Scrutinising building approvals better late than never

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Rescuers search for trapped people in a collapsed building in Sihanoukville city in Preah Sihanouk province, Cambodia on June 24, 2019. (Xinhua/Li Lay)

To close the stable door after the horse has bolted, aptly describes the Government authorities’ efforts to scrutinize all building permits in the aftermath of the collapse of a under construction seven story building in Sihanoukville nine days ago.

The collapse is a wake-up call. The death of 28 people could have been avoided if basic building codes had been followed and adequate accommodations had been arranged for the workers. The workers lived on the completed floors as construction progressed around them.

The approval process for all construction projects, big or small, in the city or in the provinces should be scrutinized and ensured that all have permits and approvals.

In the capital, taking Boeng Keng Kang 1 as an example, it is horrendous to see buildings mushrooming and popping up like daisies on narrow streets. Construction materials are left by the road side, making it narrow, causing bottle necks and a hazard for vehicles parked anywhere near the construction site.

Do the city planners even consider plot ratio, density, infrastructure accessibility, emergency vehicles accessibility and facilities, fire hydrants and fire fighting inside the building, type of piling for foundation, integrity of concrete, thickness of columns, beams, floors etc?

The incident in Sihanoukville put Cambodia on the map for all the wrong reasons. Even though the governor has stepped down, it is too late as he was the man in charge of a province where there is intense construction infrastructure activities and which had gained world recognition, albeit for the wrong reasons.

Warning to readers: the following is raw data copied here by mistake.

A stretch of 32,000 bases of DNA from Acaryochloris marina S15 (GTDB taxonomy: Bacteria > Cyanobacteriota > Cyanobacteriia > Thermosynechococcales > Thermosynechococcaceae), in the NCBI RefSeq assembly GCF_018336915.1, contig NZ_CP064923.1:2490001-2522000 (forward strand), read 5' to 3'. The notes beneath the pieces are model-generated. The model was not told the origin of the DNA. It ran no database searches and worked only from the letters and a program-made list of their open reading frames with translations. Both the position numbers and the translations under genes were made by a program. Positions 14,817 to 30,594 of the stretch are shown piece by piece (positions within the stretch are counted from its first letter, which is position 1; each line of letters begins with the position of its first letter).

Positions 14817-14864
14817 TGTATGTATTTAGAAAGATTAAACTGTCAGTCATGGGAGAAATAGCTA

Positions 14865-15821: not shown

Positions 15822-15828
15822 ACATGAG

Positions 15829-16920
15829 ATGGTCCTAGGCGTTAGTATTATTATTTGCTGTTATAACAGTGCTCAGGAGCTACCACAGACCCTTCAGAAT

The government’s tradition of publicly removing, terminating or admonishing officials in the face of disaster or malfeasance may have been acceptable in the past but should no longer be tolerated by the government and the Prime Minister.

They should be removed from public office and not put in another position. As long as this tradition continues, public accountability will not take place and the public’s confidence in the institutions and government may be eroded over time.

The government’s ensuing decisions made it even worse as many considered it bizarre that officials, who were entrusted with heavy responsibilities had been found “sleeping on the job” and asked to resign or terminated, only to be promoted even while the dust had hardly settled on the collapse site at Sihanoukville.

What message does it send to the investors and more importantly the public at large and the all important electorate? That government officials, who are publicly chastised for incompetence, are then given a promotion. Is this even real? How could the very competent Government and the Prime Minister even publicly announce this?

How would reforms and efforts to enhance government efficiency take root when this practice of name and shame and then promotion takes place all the time and that too in public, complete with statements and an official ceremony?

This makes a mockery on accountability and competence and gives the impression that government officials, ministers, governors will always be spared for wrong doings and maybe their minions may pay the price instead.